Thank you very much! It helped me to understand Ardour a little more, I was getting hopeless already. I tested both and they worked, indeed a needs little of work (I’ll search some more plugins that may have the dry/wet control), but I hope ardour gets this functionality in the future, but I’m liking it so far. And again, Thank you very much.
This thread has become unintentionally hilarious.
Apologies FoxCheeze, I never made it to that lunch break investigation earlier. On looking now though, I reckon the GxPhaser (LV2, from Guitarix) would do the trick. Has dry/wet control than can be automated.
Thank you for de tip! As I’m a new user I don’t know many plugins yet, so it is always good to find new ones! But I also wanted to know if there was any way to do these automations for other plugins without that kind of controls, it is good for the community to have those discussions, so the beginners like me can get more knowledge about the softwere, mainly when Fl is so popular and a lot of people try to migrate from it to ardour. Also no need to worry if you didn’t have time before, just the will to help some stranger on internet makes me grateful!
In principle, yes, however, taking it far: Ardour could have a “dummy mode”, too. The clown in Micky Dees is there for a reason, I guess. Rowland, Rah-nald…
Somebody seems to know the good old guild of DAW-makers
I’ve felt that FL and LMMS have a front-end bias, which would explain this feature.
“The problem with DAWs is this: no individual DAW user uses that many features, but every feature they use is critical to them, and every DAW user uses a different set of features. That means that if you want to have a lot of users, you have to have a really large number of features”.
- Ben Loftis @ Harrison Consoles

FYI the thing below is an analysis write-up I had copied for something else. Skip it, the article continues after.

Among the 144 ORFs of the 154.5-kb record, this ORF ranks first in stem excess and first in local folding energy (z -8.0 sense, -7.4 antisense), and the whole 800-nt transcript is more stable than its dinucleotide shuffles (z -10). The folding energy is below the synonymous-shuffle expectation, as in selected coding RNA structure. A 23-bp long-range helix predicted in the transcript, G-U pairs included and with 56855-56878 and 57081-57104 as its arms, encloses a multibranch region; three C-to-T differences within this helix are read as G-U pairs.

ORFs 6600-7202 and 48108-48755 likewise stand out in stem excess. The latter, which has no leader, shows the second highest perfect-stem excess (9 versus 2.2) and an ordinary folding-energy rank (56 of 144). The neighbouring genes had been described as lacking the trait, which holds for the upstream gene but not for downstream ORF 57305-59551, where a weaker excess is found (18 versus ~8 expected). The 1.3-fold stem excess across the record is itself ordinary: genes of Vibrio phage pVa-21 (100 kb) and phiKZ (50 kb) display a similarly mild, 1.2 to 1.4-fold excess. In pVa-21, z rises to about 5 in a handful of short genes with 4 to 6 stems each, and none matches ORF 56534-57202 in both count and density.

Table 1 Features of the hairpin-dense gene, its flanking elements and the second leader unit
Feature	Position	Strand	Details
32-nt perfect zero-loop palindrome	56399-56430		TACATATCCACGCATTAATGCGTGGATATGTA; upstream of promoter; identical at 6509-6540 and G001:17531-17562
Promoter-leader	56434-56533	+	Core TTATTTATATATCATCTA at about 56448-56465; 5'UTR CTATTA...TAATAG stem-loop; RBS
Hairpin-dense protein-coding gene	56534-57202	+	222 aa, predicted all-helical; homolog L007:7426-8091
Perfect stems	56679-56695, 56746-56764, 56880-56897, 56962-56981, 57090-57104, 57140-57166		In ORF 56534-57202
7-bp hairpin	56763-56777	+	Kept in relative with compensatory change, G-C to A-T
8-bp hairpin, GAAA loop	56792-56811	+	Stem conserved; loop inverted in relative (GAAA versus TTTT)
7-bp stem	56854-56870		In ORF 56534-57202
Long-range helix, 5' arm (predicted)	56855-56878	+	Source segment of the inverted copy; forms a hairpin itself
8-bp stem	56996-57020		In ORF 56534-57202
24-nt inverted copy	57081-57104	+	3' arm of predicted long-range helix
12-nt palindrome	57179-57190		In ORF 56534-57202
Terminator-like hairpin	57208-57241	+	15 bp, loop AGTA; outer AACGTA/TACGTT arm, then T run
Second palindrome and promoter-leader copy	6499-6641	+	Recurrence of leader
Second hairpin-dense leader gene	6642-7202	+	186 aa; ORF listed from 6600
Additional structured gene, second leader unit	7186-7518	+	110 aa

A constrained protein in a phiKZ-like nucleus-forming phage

it solely depends on how dummy you want to go…
Yes, well said. Inherently, we are all potential geniuses, however, it’s much easier to play the dummy. Serving the middle road is good sense.
- huhtik. 2023 klo 11.54 kirjoitti email@example.com:
Keep in mind that simply mixing a percentage of the dry signal with a percentage of the wet signal is rarely the correct way to fade effects in/out. In most cases this will likely produce a phasing effect or comb-filter and may also introduce other artifacts.
One of the few cases where mixing dry/wet is correct are reverbs.
The point is that only the plugin knows what the correct way to interpolate the signals is, and hence the plugin has to provide a dry/wet control if it is appropriate.
So would the “solution” to said DAW ‘problematics’ be to have virtually every feature a DAW could imaginatively have? That’s crazy, as in reaching for the moon with human hands.
Good luck and kudos in pleasing everyone. Has it ever worked for anyone, however?
- huhtik. 2023 klo 20.12 kirjoitti firstname.lastname@example.org:
PS. One way to accomplish this is described:
This topic was automatically closed 91 days after the last reply. New replies are no longer allowed.